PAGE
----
There are also considerations around the level of the symptoms.  For example, there are levels from mild through to major.  Mild Depression is considered to manifest fewer of the full range of possible symptoms but is also considered to be the beginning of the potential for longer term, more major condition.

In Major Depression, a professional might expect to find a greater range of symptoms in effect and may also find that the person’s behaviour has started to become that of internalising their cognitive processes and introverting in their behaviours; particularly around social engagement.  This is where a person with Major Depression may gradually reduce contact with friends, family and work colleagues.  Some may even stop leaving their home / going out.

Some people may not know they are depressed.  Some people may experience their symptoms, the accompanying sense of despair and may develop fears that they are in some way ill; it is not uncommon for people with Depression to develop a sense of imminent death or a phobia about an aspect of their health.

Depression carries the hallmarks of feeling like a very serious illness, while being potentially invisible to others.  It is often the experience of the person with Depression, that they are considered by others to be looking ‘well’ and so are often expected to get on with their life, yet all the while feeling, inside, as though they are a ‘casualty of war’; qualifying them for a bed and treatment or, in worst case scenario – triggering the person to wanting a way out; which is when we identify suicide risk. This is clearly a state of suffering.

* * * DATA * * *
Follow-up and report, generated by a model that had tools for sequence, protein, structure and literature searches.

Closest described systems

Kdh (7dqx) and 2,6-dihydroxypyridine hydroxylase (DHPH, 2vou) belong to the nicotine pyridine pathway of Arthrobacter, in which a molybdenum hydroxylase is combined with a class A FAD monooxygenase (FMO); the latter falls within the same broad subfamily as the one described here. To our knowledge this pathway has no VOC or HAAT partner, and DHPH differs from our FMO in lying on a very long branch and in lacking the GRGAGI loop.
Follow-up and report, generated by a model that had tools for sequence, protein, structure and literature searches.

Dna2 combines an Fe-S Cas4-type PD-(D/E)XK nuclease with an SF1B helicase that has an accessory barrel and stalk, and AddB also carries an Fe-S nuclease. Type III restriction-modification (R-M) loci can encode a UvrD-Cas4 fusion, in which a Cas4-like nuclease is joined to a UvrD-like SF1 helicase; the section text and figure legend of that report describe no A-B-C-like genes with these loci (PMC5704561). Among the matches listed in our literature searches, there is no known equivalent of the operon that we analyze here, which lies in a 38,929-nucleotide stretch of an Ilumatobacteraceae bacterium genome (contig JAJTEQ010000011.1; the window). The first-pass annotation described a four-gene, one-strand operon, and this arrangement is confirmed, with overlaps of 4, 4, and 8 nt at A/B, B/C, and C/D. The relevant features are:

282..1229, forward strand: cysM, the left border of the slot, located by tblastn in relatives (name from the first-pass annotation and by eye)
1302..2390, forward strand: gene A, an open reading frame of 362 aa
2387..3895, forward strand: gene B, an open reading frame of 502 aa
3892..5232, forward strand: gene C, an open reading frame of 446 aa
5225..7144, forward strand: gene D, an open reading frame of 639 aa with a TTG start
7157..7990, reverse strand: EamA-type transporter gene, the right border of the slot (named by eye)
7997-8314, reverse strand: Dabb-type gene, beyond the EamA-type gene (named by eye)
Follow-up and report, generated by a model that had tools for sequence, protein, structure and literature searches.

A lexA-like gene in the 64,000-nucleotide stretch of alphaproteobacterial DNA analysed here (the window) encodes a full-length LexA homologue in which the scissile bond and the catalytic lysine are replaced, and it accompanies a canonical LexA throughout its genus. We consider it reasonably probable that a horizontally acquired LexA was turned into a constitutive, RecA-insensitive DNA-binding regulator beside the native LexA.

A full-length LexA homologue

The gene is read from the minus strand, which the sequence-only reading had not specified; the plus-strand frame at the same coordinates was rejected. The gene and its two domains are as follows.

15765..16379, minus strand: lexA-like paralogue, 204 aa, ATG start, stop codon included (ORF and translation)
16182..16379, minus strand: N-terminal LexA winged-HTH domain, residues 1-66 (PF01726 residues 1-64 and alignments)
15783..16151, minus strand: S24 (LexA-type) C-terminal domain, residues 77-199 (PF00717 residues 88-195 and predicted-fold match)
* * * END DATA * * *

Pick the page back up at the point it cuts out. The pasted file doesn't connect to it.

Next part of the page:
I would appeal to anyone with Parkinson’s that feels they may be suffering Depression, to reach out for help.  Contact your Doctor, Neurologist or any of your support team, tell a friend, tell a family member or your employer.  You can seek help anonymously, through services like the Samaritans (UK national emotional crisis support helpline – check in your own country for similar services).  Your Doctor may recommend a short period of time on medication and / or a referral to ‘talking therapies’ with a Counsellor or Psychotherapist, for example.

Help is available.

(C) Dean Parsons. 2017.

 

 

Set Apart

Like the square peg in the round hole
The black sheep or the broken bowl
Like one mature student in the class
The short straw or the met impasse
Like the faded Actor of prior fame
The odd one out or the horse now lame
Parkinson’s sets you apart.